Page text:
Referenced by
Citing PatentFiling datePublication dateApplicantTitle
US7748819 *May 7, 2008Jul 6, 2010Seiko Epson CorporationLiquid storage unit and liquid ejecting apparatus
US7770360Dec 5, 2005Aug 10, 2010Ds Smith Plastics LimitedForm fill and seal container
US8073591Sep 20, 2007Dec 6, 2011Faiveley TransportMethod and apparatus for monitoring sand supply to a scattering device for a rail vehicle
US8083101Dec 19, 2008Dec 27, 2011Seiko Epson CorporationLiquid storage unit and liquid ejecting apparatus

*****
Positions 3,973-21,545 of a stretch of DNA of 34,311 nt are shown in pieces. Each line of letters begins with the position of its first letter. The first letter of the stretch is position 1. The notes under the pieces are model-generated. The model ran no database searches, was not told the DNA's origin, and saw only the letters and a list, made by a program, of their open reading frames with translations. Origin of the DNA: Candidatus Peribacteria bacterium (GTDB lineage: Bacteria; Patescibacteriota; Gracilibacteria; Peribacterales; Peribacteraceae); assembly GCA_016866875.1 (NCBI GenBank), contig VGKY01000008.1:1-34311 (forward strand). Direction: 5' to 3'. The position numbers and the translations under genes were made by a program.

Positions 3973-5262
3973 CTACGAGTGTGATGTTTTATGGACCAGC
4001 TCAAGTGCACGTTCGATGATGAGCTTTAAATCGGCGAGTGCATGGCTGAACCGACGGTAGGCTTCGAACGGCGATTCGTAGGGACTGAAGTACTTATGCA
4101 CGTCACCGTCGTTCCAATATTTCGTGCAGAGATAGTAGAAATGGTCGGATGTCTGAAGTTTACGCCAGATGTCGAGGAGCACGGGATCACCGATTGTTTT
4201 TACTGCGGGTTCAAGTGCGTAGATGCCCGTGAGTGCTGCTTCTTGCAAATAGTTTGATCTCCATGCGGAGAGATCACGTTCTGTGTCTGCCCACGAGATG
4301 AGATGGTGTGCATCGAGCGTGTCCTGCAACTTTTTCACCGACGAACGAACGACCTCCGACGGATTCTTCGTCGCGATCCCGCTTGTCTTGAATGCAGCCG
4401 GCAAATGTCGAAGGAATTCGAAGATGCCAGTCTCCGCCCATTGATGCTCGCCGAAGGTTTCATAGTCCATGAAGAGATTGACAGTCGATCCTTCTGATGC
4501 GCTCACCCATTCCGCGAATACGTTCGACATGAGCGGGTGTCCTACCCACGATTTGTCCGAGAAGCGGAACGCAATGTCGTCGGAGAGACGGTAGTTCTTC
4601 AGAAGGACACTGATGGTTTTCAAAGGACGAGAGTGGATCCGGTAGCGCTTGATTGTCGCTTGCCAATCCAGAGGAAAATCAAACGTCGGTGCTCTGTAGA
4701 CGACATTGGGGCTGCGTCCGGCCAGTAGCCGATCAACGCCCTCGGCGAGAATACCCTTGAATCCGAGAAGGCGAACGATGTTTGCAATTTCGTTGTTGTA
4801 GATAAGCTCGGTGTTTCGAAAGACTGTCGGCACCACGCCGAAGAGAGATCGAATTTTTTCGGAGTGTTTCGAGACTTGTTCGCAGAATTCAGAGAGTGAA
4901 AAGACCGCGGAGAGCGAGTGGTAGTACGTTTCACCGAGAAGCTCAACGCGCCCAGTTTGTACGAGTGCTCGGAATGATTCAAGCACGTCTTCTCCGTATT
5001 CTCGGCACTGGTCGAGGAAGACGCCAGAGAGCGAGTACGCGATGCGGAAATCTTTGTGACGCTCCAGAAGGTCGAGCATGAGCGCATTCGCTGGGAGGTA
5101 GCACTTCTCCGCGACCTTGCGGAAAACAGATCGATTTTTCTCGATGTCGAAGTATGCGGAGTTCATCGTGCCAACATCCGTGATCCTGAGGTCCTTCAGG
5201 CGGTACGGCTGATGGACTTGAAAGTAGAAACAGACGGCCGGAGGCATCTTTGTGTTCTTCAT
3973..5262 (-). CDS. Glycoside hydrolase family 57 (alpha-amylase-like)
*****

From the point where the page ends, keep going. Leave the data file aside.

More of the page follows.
US20130341366 *Jun 21, 2012Dec 26, 2013Jason Craig CampbellDischarge device
USRE40735 *Feb 28, 2007Jun 16, 2009Faiveley TransportMetering device for sand spreading devices, especially for rail vehicles
WO2009158267A1 *Jun 18, 2009Dec 30, 2009The Clorox CompanyBottle back label burst
Classifications
U.S. Classification222/509, 222/518
International ClassificationB65D77/06, B67D3/04
Cooperative ClassificationB65D77/067, B67D3/043
European ClassificationB65D77/06B2A, B67D3/04D
Legal Events
DateCodeEventDescription
Sep 26, 2006FPExpired due to failure to pay maintenance fee
Effective date: 20060728
Jul 28, 2006LAPSLapse for failure to pay maintenance fees
Feb 15, 2006REMIMaintenance fee reminder mailed
Feb 20, 2002REMIMaintenance fee reminder mailed
Jan 25, 2002FPAYFee payment
Year of fee payment: 4
Nov 17, 1998CCCertificate of correction